Reeling in a fish is the fun part. Here are a few basic things to remember. First, make sure your drag is set so that it is not too tight, and when a fish runs, the line can go out as well. 

You want to make sure your drag is not too loose or too tight. A good set drag will tire out a fish when it makes a run.

Next, always remember to keep your rod bent with no slack in the line. Slack is when you stop reeling, and the fish is not making the rod bend. 

This can result in hooks coming undone in the fish’s mouth resulting in lost fish.

Releasing a fish

Now that you have successfully caught a fish, it’s time to release it if you will not keep it to eat. If you are going to keep a fish to eat, you should make sure you understand bag limits and how large or small a fish must be to legally possess it.

For the fish you will release, you should be sure to hold the fish so you support the entire body and do not keep the fish out of the water for too long.

Gently replace the fish in the water so it can swim away. For larger fish like bass, be sure to cradle the belly with one hand while you hold the fish’s mouth with the other.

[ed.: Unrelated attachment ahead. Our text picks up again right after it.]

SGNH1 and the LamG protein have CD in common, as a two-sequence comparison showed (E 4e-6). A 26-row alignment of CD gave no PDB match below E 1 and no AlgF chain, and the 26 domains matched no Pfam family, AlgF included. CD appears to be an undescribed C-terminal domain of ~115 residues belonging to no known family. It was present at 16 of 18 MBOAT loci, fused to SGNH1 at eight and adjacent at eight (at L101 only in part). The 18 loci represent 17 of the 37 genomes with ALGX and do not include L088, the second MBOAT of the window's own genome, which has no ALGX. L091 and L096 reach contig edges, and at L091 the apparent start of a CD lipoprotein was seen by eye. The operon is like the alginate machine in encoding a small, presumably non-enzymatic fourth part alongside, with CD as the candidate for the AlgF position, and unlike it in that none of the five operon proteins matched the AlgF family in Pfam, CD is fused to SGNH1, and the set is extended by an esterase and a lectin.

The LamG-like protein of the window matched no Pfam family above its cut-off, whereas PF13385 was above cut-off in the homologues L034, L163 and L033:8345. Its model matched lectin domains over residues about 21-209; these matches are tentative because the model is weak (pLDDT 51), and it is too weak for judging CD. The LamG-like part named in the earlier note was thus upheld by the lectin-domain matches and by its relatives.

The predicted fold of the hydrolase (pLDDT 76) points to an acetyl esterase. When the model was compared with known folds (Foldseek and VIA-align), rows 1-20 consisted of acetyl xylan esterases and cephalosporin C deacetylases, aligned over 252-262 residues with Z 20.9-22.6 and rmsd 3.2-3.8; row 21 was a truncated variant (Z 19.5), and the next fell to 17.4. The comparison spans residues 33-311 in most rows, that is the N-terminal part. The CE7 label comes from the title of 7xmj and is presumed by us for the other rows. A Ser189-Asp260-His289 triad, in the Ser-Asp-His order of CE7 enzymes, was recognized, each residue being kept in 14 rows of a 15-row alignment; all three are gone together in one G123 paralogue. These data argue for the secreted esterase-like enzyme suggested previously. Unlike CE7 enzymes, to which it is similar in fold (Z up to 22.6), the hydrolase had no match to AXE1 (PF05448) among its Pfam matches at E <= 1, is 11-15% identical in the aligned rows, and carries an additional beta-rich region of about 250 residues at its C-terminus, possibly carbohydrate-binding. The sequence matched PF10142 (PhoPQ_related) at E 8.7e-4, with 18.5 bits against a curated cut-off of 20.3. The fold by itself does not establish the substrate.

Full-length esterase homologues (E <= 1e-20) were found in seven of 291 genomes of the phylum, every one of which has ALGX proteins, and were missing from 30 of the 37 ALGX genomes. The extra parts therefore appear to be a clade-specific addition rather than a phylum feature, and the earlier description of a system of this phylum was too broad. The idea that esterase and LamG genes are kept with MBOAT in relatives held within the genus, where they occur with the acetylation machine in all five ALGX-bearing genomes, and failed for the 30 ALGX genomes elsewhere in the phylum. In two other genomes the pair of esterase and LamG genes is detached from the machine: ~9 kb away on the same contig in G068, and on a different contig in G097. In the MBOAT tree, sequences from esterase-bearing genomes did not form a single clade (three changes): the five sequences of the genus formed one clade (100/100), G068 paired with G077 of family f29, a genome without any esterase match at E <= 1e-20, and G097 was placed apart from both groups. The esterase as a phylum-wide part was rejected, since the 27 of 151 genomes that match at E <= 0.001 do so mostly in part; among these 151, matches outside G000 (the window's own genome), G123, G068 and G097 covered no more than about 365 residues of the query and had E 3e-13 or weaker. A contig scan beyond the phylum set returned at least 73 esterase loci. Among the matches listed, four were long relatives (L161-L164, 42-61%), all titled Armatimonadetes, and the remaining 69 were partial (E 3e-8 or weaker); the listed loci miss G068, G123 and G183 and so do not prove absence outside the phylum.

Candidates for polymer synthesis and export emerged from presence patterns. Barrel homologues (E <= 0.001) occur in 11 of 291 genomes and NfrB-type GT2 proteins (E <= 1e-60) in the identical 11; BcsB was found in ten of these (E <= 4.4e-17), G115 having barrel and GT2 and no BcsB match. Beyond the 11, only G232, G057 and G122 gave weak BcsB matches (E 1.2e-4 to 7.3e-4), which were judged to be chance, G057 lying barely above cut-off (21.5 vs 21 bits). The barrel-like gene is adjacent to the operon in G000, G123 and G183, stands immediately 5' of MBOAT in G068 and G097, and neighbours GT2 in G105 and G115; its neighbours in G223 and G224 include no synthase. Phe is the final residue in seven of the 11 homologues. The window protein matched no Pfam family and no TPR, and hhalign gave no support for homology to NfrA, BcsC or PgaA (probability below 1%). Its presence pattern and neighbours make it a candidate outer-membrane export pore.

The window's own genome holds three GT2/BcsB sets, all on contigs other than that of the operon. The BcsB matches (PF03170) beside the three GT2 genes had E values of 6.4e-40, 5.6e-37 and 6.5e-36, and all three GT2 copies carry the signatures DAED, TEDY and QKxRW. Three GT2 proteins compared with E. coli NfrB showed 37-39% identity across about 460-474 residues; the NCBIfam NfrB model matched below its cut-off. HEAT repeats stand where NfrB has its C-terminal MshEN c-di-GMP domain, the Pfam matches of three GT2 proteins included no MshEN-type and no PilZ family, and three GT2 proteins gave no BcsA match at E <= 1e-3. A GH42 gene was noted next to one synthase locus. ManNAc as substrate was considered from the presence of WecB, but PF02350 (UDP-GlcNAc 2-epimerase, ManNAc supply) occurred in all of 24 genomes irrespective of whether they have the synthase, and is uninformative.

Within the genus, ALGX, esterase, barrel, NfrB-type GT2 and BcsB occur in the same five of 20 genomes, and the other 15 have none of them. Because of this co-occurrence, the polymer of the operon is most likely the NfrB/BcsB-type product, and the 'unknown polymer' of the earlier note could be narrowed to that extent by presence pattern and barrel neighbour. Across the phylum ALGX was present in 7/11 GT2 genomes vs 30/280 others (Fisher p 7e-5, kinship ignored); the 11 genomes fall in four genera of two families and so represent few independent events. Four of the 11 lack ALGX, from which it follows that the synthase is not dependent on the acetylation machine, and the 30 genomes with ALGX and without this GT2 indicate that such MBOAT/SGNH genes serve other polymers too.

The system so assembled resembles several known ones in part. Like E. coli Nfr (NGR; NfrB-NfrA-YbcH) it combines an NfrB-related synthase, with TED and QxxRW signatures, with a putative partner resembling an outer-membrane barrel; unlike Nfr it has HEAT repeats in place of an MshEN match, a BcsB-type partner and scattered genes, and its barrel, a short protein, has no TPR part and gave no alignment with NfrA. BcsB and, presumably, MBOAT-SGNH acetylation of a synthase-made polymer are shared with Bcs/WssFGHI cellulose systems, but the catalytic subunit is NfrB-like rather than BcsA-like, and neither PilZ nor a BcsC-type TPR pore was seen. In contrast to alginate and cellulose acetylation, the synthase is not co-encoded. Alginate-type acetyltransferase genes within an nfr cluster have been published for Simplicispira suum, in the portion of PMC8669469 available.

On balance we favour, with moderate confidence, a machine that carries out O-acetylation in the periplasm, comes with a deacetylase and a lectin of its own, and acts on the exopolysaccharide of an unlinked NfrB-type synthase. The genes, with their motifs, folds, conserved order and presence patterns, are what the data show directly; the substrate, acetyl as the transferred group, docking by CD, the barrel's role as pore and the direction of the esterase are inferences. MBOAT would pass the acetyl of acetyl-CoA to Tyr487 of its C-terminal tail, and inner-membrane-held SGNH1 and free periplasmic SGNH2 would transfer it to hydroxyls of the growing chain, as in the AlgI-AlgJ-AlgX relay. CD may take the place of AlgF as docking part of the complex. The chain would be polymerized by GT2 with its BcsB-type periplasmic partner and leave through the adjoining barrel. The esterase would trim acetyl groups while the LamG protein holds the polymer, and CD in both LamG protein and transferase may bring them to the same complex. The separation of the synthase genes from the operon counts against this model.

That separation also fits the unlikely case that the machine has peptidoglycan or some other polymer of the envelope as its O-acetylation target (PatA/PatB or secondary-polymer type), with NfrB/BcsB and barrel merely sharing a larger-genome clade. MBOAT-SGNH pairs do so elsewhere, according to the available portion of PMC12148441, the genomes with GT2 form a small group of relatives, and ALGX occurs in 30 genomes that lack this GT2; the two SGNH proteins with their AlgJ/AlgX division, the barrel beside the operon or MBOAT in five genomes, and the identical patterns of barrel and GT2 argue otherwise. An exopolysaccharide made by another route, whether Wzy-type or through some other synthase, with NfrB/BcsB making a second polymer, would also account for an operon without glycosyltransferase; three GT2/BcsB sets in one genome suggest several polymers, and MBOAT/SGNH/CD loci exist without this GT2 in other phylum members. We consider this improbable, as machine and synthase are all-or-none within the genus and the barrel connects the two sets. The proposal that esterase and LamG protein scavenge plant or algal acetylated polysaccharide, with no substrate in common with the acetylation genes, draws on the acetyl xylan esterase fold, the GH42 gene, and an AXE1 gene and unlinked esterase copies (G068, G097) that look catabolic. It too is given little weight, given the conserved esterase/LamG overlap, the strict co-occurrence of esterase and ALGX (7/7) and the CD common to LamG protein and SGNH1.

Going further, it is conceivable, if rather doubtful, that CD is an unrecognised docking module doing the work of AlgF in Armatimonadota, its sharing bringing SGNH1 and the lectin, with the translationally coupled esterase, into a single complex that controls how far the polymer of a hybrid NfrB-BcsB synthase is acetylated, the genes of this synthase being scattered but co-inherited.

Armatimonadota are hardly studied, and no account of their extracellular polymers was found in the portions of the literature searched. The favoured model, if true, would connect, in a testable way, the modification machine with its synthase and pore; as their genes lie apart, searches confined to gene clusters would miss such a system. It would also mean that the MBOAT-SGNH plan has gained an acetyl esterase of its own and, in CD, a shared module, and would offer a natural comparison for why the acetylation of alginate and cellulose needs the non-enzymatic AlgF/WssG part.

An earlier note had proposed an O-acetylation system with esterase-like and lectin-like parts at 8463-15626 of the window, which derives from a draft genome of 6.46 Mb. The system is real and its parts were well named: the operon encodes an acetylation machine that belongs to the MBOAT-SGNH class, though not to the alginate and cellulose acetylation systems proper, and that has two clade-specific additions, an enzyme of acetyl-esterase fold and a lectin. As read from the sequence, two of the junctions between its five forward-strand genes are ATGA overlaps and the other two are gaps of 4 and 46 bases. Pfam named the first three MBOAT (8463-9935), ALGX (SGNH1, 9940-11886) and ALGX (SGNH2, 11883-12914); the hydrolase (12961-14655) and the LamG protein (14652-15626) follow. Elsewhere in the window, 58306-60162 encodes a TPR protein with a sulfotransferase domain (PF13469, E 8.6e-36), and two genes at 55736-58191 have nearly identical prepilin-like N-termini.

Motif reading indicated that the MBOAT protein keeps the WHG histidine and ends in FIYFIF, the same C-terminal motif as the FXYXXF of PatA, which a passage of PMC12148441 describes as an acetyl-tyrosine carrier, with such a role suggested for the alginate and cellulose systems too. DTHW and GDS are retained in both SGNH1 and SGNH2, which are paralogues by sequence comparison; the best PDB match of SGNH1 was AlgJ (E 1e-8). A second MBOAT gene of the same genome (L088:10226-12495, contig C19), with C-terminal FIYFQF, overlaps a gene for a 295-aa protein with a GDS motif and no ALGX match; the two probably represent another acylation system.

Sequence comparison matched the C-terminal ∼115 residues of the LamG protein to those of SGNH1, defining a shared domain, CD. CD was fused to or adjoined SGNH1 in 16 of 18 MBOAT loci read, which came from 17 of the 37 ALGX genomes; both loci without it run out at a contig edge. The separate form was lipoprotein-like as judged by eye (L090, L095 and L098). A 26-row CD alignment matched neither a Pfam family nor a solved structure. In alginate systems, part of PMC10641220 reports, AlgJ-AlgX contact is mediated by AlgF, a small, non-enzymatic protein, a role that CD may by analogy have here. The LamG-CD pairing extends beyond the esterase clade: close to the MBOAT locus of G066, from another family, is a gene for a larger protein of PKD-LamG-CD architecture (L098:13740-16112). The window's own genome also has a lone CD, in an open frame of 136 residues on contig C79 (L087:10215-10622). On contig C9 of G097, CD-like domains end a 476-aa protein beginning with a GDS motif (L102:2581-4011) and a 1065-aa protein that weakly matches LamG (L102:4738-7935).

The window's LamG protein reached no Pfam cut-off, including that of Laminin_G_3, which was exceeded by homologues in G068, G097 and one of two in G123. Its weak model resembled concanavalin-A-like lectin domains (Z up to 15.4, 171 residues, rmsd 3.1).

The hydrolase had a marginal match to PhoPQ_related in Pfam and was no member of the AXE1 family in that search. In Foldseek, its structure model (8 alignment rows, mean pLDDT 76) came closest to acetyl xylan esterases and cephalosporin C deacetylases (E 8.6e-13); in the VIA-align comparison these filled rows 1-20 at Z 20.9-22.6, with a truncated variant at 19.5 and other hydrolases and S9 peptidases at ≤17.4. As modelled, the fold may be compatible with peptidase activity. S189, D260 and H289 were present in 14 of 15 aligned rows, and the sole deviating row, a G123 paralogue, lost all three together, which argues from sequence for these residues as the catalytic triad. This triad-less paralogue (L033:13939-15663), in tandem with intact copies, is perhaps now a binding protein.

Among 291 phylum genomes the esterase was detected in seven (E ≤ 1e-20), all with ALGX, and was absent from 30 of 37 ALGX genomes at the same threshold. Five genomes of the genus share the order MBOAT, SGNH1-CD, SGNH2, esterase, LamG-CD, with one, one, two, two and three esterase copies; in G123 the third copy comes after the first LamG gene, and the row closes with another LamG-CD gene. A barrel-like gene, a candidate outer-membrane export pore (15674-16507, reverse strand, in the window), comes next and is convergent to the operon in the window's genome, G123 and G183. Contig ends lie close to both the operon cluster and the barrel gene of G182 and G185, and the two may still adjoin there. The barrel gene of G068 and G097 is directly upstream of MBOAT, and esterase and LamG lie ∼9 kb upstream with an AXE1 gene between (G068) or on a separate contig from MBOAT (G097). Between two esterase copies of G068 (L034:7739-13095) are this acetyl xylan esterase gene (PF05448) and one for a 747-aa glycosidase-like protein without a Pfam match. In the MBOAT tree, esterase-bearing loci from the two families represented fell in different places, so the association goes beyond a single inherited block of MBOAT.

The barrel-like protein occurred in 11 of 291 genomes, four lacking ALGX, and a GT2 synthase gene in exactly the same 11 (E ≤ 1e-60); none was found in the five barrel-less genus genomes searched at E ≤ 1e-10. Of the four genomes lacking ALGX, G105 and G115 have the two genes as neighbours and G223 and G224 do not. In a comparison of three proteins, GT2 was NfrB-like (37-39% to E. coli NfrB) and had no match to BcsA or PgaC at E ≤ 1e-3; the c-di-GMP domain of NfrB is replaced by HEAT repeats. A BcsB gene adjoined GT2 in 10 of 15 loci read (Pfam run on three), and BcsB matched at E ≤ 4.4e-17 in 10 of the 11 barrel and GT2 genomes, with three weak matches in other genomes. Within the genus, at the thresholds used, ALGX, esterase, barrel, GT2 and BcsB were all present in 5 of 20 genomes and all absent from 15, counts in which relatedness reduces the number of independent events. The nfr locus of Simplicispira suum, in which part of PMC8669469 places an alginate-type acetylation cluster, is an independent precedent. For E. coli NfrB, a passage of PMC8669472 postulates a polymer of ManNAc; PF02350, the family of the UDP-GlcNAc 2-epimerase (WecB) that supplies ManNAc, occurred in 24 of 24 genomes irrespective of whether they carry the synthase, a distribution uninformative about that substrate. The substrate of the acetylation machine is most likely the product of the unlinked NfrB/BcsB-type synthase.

If you need to hold the fish in the water for a few seconds to regain its strength, it is intelligent to ensure it swims away healthy.

Don’t forget your fishing license.

Do not forget to check with your local tackle store or online in your state to see if you need a fishing license. 

Most states require that you have a fishing license to fish legally. 

These are typically purchased online and can be done for relatively cheap, and most will be for a year long.

Fishing guide: Hiring a guide is also a fun and educational way to learn more about fishing. Guides know the water they fish on better than most and are eager to help beginner fishermen catch more fish. 

Youtube:  Youtube is a great resource for fishing. You can learn how-to-tie knows, rigs, and more on this platform.